Sri Sri insisted: 'See not what differentiates one another. Rather look at the similarities and enjoy the dissimilarities.'

My 2 cents on the whole affair: We all worship the same God. Call Him what you may, He is the sole creator and sustainer of this world.

The takeaway from this event is summed up by Sri Sri's recalling of Kabir's teaching: 'You can read all the scriptures in the world, but all that is required is two words of love.' This is surely what we need in this time of disquiet, uneasiness and strife all across the world.

Tuesday, December 06, 2005

Because of You - Version 2

"For we know in part and we prophesy in part. But when that which is perfect has come, then that which is in part will be done away" - 1 Corinthians 13:9,10

When the time comes, I shall know. And know I did.
But the partly known refuses to die. Maybe it needs an earthly blow to wear out. Or maybe it just needs You.

Monday, October 24, 2005

Because of You

With the glare of the sun strong across my face, I waited with the gentiles. As the wings of time flapped away into the distance, I asked, 'Where's he?' And the sun only seemed to tighten it's warm embrace of me. I shielded myself with a torn cloth masquerading as a handkerchief when the clouds, having gathered together into a ball of cotton, curtained the ball of fire, as if to let another resplendent one into the scene. My accomplice rushed to him to get his audience and touched his feet. I waited, absorbing in the gentle visage of a man. An hour later and after having been spoken to in an alien tongue, I felt satiated. I knew I was sure to come back to feel the ripples of the spirit again.

Tuesday, September 13, 2005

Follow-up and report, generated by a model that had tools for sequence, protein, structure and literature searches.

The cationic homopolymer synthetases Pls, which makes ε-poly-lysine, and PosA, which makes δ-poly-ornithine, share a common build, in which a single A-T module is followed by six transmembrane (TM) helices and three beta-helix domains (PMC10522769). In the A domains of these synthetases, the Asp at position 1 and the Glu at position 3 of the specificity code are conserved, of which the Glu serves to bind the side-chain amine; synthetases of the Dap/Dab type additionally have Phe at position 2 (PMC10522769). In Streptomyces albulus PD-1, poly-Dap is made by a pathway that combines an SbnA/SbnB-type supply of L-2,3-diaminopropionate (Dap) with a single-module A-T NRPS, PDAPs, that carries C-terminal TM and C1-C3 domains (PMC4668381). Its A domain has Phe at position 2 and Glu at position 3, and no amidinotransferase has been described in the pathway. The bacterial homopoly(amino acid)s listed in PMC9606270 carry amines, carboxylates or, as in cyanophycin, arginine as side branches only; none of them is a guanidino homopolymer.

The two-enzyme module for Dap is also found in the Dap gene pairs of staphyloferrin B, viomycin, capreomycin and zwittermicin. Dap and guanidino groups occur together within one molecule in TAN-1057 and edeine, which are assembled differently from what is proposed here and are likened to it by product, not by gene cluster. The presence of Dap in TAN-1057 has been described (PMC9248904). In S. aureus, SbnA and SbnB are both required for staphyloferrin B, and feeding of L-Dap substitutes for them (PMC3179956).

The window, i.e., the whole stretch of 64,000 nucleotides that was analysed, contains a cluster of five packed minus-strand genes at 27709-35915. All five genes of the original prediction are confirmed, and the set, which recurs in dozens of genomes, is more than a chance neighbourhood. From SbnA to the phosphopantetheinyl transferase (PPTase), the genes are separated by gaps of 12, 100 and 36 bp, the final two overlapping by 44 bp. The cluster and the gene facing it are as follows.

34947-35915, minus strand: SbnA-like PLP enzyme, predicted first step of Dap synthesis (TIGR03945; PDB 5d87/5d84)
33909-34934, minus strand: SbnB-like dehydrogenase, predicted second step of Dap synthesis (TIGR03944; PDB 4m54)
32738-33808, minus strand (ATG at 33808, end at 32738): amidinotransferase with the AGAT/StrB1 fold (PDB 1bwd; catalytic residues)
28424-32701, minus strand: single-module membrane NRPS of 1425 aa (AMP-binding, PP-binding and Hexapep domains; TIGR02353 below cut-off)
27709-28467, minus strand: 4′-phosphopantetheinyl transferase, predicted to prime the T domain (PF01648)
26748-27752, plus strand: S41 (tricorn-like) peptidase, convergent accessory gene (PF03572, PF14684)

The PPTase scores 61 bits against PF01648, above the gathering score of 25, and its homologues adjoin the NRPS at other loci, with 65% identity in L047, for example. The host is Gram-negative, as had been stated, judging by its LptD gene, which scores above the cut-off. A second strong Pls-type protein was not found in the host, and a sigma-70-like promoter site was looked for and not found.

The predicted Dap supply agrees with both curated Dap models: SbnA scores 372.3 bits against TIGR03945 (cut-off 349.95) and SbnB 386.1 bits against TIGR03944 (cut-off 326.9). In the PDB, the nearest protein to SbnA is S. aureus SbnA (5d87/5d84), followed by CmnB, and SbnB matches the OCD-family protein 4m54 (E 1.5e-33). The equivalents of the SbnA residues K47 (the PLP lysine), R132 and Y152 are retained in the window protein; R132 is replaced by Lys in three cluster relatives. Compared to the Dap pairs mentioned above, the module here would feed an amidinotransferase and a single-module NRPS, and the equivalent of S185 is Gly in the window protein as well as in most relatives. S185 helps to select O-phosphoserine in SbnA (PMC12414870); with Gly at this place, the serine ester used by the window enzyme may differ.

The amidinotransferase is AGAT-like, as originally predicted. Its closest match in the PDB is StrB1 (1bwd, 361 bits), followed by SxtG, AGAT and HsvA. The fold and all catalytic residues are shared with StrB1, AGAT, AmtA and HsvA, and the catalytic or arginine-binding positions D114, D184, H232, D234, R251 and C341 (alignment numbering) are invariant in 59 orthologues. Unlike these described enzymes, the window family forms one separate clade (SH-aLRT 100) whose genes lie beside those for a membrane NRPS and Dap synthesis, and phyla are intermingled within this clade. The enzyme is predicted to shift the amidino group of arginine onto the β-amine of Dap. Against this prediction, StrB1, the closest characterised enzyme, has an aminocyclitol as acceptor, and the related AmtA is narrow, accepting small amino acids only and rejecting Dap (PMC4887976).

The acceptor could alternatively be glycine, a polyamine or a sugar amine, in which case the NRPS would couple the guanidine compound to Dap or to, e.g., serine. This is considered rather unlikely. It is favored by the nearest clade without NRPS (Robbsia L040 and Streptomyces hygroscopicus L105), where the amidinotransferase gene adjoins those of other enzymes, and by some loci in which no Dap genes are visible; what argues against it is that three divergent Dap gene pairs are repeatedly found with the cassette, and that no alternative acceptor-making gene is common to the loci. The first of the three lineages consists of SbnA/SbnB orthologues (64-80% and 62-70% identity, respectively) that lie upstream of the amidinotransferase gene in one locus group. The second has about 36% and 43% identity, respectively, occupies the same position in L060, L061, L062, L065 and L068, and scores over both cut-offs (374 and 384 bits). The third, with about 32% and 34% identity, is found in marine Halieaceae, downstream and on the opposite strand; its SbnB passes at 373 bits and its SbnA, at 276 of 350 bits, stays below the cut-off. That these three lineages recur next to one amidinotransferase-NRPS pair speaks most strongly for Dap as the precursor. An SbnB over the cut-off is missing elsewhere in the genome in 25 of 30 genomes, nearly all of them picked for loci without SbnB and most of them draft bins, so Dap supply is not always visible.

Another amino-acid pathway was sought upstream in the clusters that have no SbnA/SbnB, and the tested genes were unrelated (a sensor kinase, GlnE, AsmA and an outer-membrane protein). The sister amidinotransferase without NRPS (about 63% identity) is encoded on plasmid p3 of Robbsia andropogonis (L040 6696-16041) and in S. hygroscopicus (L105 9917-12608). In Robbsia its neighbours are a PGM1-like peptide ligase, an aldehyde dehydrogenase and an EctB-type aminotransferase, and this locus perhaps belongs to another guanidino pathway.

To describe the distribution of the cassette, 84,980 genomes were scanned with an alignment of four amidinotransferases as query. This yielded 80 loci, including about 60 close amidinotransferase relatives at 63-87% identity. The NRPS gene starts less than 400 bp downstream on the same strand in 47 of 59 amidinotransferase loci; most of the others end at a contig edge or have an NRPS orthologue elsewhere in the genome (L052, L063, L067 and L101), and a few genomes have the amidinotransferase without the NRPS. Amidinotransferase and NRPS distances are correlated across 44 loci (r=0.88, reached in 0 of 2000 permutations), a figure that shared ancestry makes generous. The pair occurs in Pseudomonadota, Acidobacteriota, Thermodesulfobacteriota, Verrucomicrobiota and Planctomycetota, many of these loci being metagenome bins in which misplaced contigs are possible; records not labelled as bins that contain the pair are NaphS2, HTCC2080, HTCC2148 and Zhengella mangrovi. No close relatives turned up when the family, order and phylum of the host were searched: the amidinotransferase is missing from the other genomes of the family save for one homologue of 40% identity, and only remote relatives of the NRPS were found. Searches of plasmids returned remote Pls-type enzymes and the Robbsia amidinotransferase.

My colleague was shocked to find a ten day old baby boy wailing at her doorstep this Sunday evening. Clearly, its mother had left it there to rot fearing social stigma that would otherwise have been her fate.

The fact is that God blinked when the unfortunate baby was born to this world, with no one to call its own. Oh! why do You perpetrate such misery to your people Lord? Why do You still punish us for the original sin to this day? Why do You condemn us to live in apalling conditions all our wretched lives? Why do You keep us wanting and hurtful? Why do You terrorize us in order to make us tread your path? Why do You rather not shower compassion on your beings? Why do You not realize the role that love can play vis-a-vie hurt? Why do You not realize that spreading hurt can only do just that - spread more hurt and inturn sully your own heavenly cause?

Almost as an answer, God spoke through Sadhu Vaswani in today's edition of 'The Times of India'. He says: "On the pathways of life, we face different types of weather including stormy and smooth, wild and mild. We come face-to-face with difficulty and danger, disease and death. We feel frightened. If only we cultivate the faith that such experiences come to us not without a purpose, we need not be afraid. Seek refuge in the Supreme and trust Him entirely. Though storms howl and darkness grows deeper, His light will continue to shine on us. When fear knocks on the door of your heart, send faith to open it and you will be free from distress. God loves each one of us and has a plan for each one. He will provide for all our needs."

Monday, August 01, 2005

A life reborn but shorn of reason